My friend and I took a lovely one night stay in Gyeongju, the original center of the Silla Kingdom. Gyeongju looked like the Korea I had always seen in tourist guidebooks but had never experienced: rice paddies, fields of tombs like mosquito bites, things that were old, things that were new but built in the traditional style.
It was especially nice since my school made a little mistake.
One of Jack’s camp kids ended up positive with COVID and as a result, Helen texted me the following Monday, my vacation day, to wait and see if I would also need to be tested. Fine. I stayed home all day waiting for a follow up and at 4:30pm, asked her for more details. She hadn’t received word from the school nurse who had been compiling the list to begin with and called Jack, instead.
“Oh yeah, everybody who was at school went to campus to get tested today.” He told her.
Everyone… but me.
I was so annoyed. Did not one person think, huh, that’s weird, our foreign teacher never showed up for the mandatory testing. Guess we should… do nothing?
So I wasted a whole day waiting, and then another, as I had to trek to the community center by myself to get a COVID test and then wait an additional 24 hours for results. I told Helen, “well, there go my three days of vacation.”
“Sorry about that,” she texted back.
I guess the school didn’t feel remorseful enough to tack those wasted days back on to my vacation total…
But even between the COVID test and the Gyeongju trip, I’ve entered a weird summer funk. I can’t tell if it’s seasonal depression or just another existential crisis.
Amidst a news cycle that grows continuously more depressing– Afghanistan, China’s crackdown on English education and therefore the evaporation of any of my China plans, billionaire space race, delta variant– I vacillate between devoting myself to a greater cause or moving to a house deep in the mountains with my herd of rescue dogs.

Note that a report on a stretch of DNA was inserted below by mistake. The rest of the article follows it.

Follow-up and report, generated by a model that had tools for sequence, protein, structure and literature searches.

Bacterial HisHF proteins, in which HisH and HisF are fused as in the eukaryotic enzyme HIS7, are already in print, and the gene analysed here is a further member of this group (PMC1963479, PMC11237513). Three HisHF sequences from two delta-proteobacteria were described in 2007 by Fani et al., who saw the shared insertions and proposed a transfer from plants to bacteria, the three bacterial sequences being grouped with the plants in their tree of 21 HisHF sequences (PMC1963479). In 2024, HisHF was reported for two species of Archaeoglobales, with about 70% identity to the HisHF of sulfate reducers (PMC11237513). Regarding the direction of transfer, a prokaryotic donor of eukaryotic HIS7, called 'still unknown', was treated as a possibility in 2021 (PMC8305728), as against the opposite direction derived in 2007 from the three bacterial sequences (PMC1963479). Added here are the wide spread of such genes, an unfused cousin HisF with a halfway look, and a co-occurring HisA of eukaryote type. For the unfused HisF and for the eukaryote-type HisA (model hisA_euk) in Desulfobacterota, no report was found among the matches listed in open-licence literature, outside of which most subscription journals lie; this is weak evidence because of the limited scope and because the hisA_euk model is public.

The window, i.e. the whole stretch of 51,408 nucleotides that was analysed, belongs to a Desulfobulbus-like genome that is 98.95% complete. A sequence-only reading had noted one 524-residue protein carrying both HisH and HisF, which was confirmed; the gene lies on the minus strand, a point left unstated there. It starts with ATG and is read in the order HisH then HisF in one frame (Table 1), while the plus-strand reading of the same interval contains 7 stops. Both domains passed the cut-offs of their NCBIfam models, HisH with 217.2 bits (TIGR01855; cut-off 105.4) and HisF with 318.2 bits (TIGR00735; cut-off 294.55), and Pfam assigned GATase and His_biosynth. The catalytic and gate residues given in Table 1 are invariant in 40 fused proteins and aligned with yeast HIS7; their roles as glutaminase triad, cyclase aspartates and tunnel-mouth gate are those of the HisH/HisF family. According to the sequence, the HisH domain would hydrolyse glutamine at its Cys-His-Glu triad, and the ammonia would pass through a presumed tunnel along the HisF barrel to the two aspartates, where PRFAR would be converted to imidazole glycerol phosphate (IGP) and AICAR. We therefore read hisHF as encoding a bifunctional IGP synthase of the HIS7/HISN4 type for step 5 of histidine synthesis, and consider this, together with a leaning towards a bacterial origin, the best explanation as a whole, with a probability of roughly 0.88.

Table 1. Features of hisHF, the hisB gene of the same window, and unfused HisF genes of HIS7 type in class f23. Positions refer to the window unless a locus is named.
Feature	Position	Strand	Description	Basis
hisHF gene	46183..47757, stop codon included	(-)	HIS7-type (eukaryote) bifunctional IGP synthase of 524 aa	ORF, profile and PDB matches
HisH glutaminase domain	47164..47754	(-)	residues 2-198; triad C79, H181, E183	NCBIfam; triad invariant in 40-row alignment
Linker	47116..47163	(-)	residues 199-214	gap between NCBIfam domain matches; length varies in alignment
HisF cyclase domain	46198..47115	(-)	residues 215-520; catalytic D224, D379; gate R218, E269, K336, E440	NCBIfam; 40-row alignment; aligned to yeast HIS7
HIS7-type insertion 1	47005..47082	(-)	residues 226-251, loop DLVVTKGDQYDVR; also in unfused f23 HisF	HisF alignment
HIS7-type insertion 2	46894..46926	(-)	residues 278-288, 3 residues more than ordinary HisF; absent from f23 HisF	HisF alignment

Sitting in mandatory office hours where I have no assigned or expected work, I feel especially useless.
For the first time in two years, I wondered today if I’ve finally hit the wall of Korea fatigue, where one inherently knows when it’s time to go.
The path to Korean fluency seems endless. I miss pre-pandemic life. I feel disconnected from my school. My work computer sucks.
I’m happy with my school placement but I don’t feel particularly connected like I did, for better or worse, to my school in Seoul. I love my kids but also know that I am easily replaceable by someone with a quarter of the passion or experience, so long as they fill the gap for “foreign native teacher”, which can feel almost demeaning at times. Like a cog in a machine.
But I also have been unable to travel, unable to see strangers’ faces, unable to go clubbing or even walk on the beach without a mask. Pandemic life seems endless.
I feel like I’m circling the answer but I’m not quite there yet. Why am I in such a rush?
I don’t want to give up on Korea plans because the pandemic wore me down. But I also want to live up to my full potential. I want to astound people. Yet who can I ask for advice? There are the corporate friends and the doctor friends and the lawyer friends but no one that has straddled the border of two worlds.
I am a perfectionist, and the “not good enough” continues to batter the inside of my head during these lonely summer office hours.